In the distributed environment where the paradigm is for interpretive rather than compiled programs, it is tough to even think of techniques using a pre-compiled approach as an alternative. However, there are ways to leverage the concept of a ‘static plan’ for DB2 by distributed workloads too.
Welcome to the Party: PureQuery:
PureQuery now enables distributed applications to bind static packages set up ahead of time.
A package, also called an access plan, can be thought of as a precompiled subroutines with the information to line up execution details ahead of time, (such as: access paths, indexes, etc ). Once created, the packages can then be stored in the DB2 catalog and are bound to a program. Note: Using packages can also add a layer of abstraction and security to DB2 access.
See some good references from developerworks and DB2 Magazine;
These static packages can be created and waiting on System z in the DB2 catalog for the Java applications to ‘call’ or connect to and use through a binding process done by the Websphere distributed admin or programmer. (By the way this is done through techniques that require far less heavy lifting than an earlier technology called SQL J employed. See some good tutorials on PureQuery again in DB2Mgazine and DeveloperWorks.).
Gift Bags for All:
If both approaches are used, distributed Java workloads can then benefit from the serious ($$) performance, security, and management effects of engaging DB2 and Workload Manager, and from using those static packages waiting at the ‘Enterprise Data Hub’ (System z).
But wait a minute.. there’s more…
Okay, that sounds great, but let’s stops and thinks about this. Put another way, what if you could now have the assurance that your database access on the mainframe from distributed applications could now have much better performance, much more predictable performance, like on the level of the service level agreements they use up there?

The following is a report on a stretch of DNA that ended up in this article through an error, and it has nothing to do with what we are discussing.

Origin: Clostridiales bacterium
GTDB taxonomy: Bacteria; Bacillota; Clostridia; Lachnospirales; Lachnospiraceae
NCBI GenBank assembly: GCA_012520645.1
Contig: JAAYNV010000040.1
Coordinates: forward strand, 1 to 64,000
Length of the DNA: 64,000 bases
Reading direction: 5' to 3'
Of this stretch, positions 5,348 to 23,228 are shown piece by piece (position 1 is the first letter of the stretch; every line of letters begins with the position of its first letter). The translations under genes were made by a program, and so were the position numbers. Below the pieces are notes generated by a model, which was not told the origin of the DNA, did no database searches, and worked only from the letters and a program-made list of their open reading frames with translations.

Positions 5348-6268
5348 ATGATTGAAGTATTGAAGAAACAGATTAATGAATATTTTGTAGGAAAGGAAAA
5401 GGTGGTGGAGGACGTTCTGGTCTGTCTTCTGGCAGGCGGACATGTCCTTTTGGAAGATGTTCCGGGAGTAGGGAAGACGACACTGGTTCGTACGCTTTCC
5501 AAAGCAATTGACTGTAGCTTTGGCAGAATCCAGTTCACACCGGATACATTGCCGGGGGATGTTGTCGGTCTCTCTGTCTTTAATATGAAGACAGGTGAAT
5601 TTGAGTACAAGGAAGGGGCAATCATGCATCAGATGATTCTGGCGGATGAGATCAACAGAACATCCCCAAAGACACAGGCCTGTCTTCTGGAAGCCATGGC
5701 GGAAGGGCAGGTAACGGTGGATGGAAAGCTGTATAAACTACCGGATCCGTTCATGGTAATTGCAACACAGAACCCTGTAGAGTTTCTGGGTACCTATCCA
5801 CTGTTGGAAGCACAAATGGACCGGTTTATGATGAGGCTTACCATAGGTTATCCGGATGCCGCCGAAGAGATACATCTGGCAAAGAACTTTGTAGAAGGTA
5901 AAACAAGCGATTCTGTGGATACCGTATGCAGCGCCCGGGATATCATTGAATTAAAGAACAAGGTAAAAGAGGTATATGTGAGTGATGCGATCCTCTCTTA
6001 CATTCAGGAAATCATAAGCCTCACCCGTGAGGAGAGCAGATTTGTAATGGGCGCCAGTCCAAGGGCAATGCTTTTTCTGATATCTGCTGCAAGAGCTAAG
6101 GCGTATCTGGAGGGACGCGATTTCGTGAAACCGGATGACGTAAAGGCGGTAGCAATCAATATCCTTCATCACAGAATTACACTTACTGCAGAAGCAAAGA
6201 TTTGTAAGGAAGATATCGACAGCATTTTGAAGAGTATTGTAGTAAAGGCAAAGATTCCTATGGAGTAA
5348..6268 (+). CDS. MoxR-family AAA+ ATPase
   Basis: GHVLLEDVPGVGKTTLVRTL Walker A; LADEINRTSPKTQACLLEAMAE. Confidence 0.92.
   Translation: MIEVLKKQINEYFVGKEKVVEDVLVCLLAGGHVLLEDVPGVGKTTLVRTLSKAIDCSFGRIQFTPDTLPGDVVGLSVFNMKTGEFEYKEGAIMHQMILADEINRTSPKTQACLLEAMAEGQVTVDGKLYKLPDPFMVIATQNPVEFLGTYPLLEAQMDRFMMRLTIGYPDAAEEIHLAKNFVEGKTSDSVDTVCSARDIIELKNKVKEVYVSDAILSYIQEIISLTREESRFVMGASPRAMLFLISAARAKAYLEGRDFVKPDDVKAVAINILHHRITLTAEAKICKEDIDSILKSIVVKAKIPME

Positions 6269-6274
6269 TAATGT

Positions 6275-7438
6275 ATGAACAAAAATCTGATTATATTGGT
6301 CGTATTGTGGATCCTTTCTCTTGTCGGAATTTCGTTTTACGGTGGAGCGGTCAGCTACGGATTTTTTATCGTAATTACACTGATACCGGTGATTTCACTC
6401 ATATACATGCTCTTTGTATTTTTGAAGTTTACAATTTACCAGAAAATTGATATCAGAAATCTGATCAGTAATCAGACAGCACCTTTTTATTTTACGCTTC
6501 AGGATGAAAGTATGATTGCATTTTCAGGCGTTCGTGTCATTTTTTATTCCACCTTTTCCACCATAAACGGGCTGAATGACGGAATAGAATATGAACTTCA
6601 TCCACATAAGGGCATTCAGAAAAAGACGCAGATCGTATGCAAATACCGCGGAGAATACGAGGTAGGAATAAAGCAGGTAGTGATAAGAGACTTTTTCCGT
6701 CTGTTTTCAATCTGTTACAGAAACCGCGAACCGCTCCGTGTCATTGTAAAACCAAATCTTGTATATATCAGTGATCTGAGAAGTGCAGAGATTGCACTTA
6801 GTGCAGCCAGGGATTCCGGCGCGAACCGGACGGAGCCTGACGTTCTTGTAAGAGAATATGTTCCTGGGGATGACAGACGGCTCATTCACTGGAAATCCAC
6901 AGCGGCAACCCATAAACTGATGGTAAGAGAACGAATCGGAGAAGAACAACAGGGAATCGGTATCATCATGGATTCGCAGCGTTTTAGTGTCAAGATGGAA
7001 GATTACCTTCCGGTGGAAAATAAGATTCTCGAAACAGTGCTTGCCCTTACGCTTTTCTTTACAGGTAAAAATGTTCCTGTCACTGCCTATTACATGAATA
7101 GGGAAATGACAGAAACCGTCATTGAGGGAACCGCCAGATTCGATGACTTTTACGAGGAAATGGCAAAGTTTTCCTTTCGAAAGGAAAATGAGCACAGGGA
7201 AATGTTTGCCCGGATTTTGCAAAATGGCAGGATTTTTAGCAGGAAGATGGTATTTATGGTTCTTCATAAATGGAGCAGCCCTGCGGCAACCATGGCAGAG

What if the mainframe land of sometimes ‘unknown-ness ‘ for distributed folks was something that now be counted on to give you fast data from lots of data sources, like federated, like services, like real time… and across not just your infrastructure of distributed and centralized, but across partner networks??
Since many application suites are on distributed platforms, how might your plans be affected for BPM, real time intelligence, MDM….? (See the article on MDM and PureQuery on Developerworks).
These are surely some things to go back and look at… don't you think?
As mainframe guys, we know that one of the key strengths of the System z platform with the z/OS operating system is that it is designed to run to 100% utilization. Managing jobs, tasks, and transactions, he assigns workload to resources based upon priorities. Now, that means you need a discrete name for each kind of workload. Without a name, there is no ‘handle’ for Workload manager to associate things like service levels and priorities and velocities so that he can figure out whether that piece of workload deserves whatever amount resource and computing capability. There is also a long-established technique on the mainframe that involves compiling programs so everything gets resolved including the database access component -- where SQL statements get converted into access paths using the right indexes, getting to the right databases, etc. This process gets done ahead of time to make actual runtime execution more effective. Okay, that is not too exciting and most of you probably are well aware of what it means for program to get compiled ahead of execution time rather than being interpreted dynamically at runtime.